The World of Voodoo by the High Voodoo Master John Arkam, President of the Voodoo Council
The World of Voodoo
In the World of Voodoo there is no lack, for the spells and formulas of Voodoo help the practitioner with every need and situation in life; there is no fear, for the legendary charms of Voodoo offer powerful protection against every danger and evil.
A secretive and misunderstood religion, with its well-deserved reputation for effectiveness, Voodoo inspires wonder, awe and fear. Voodoo has been a constant source of hope and comfort for the oppressed, giving power to the powerless, wealth to the poor, love to the lonely, and protection to the weak.
The Voodoo is a practical religion that obtains for those who believe in it love, luck, success, health and protection. The Voodoo celebrates life and satisfies the needs of its followers in the here-and-now.
The Voodoo, in essence, accomplishes in fact, many seemingly miraculous things which other faiths can only promise.
Voodoo a misunderstood religion
What is Voodoo? Before I answer the question, let me ask: What do you know about Voodoo? Where did you get that impression?
Voodoo probably isn't what you think it is. It might be easier to start with what Voodoo isn't:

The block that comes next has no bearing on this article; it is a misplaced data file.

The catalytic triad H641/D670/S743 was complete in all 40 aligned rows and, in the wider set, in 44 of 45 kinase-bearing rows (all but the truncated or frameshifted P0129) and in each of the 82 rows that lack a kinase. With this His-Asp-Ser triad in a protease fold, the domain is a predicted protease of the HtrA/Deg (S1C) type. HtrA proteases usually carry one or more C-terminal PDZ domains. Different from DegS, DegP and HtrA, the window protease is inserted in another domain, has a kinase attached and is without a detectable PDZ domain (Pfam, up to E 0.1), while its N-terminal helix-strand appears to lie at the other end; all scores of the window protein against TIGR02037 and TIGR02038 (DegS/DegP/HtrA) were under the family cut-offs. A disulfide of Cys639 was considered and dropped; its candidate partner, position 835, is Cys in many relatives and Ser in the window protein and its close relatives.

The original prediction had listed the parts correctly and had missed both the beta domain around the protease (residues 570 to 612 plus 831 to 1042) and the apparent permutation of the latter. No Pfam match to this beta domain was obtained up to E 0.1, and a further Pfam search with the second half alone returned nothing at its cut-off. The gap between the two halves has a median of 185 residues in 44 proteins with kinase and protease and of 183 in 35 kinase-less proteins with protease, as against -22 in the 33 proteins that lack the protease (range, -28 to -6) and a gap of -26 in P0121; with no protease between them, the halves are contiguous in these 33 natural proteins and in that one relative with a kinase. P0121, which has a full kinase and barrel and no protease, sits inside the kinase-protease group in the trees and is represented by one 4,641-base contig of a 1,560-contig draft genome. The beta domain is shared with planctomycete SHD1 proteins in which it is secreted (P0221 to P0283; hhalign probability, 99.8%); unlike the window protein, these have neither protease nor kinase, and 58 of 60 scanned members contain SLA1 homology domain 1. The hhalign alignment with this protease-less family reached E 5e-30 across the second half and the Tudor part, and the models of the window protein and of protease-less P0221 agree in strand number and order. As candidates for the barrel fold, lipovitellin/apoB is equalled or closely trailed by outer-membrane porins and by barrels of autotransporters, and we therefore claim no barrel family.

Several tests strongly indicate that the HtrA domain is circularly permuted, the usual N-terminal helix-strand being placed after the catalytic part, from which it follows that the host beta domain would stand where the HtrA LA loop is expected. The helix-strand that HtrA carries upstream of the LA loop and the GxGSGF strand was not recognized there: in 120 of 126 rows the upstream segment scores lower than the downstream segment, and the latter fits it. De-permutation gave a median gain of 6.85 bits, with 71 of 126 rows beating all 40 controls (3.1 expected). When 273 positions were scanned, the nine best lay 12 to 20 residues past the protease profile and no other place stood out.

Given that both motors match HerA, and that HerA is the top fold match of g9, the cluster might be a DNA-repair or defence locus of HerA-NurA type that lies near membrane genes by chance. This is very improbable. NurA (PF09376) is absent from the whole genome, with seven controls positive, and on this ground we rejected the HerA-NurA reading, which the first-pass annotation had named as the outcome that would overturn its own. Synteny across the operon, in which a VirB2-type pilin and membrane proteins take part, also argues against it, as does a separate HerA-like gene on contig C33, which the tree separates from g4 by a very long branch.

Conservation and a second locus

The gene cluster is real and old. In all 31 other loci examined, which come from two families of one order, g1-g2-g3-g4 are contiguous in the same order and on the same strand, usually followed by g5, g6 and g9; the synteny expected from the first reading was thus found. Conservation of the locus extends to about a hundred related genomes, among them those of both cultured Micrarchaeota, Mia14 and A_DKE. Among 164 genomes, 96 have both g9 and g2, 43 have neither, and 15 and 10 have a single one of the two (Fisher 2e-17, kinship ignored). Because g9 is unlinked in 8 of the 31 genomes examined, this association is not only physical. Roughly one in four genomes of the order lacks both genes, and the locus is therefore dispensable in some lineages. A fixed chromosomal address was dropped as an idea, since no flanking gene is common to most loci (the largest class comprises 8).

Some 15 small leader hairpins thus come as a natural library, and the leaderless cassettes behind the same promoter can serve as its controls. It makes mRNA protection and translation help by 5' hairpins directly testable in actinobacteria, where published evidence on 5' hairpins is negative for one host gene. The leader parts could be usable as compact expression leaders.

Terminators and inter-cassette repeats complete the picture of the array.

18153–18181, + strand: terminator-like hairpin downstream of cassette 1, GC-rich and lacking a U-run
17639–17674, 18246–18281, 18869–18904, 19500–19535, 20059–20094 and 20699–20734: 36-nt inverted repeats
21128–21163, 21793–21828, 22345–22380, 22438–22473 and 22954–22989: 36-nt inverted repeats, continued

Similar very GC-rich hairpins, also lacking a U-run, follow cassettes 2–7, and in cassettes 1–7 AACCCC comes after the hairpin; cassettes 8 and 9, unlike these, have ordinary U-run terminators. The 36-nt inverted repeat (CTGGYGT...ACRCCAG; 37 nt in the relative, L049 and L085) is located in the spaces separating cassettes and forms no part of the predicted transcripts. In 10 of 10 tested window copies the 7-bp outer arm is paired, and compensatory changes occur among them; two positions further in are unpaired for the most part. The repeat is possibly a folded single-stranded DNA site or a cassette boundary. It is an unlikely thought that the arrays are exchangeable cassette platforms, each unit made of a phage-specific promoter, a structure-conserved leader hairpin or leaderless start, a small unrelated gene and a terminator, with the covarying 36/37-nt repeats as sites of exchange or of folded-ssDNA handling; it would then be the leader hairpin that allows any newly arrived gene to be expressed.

- Voodoo isn't accurately portrayed in most movies, TV shows and books. Even some documentaries and non-fiction books are misleading.
- Voodoo isn't a cult, black magic or devil worship. People who practice Voodoo are not witchdoctors, sorcerers or occultists.
- Voodoo isn't a practice intended to hurt or control others. Most Voodooists have never seen a "Voodoo doll".
- Voodoo isn't morbid or violent. Voodoo isn't the same everywhere. Not everyone who practices Voodoo does it in exactly the same way or agrees on exactly the same things.
So, what is Voodoo?
Voodoo is a religion practiced around the world that originates in Africa. In the Americas and the Caribbean, it is a combination of various African, Catholic and Native American traditions. Voodoo embraces and encompasses the entirety of human experience.
What do Voodooists believe?
To understand the Voodooists believe, you have to first understand how a Voodooist sees the world. A Voodooists believe that there is a visible and an invisible world, and that these worlds are intertwined. Death is a transition to the invisible world, so our predecessors are still with us in spirit. They watch over and inspire us.
In addition to our ancestors and loved ones we knew in life, there are the Lwa, which can also be understood as archetypes of human personalities (such as Ogun the warrior) and others that embody more specific concerns or localities. Each Lwa is actually a family of similar types (i.e. there is more than one Ogun; more than one way to be a warrior).
A Voodooists develop relationships with the Lwa to seek their counsel and help with concerns in the visible world.
A Voodooist develops a relationship with particular Lwa, seeks to understand and embody the principles they represent, connects spiritually in order to affect personal transformation and manifest this energy in the visible world to help the living.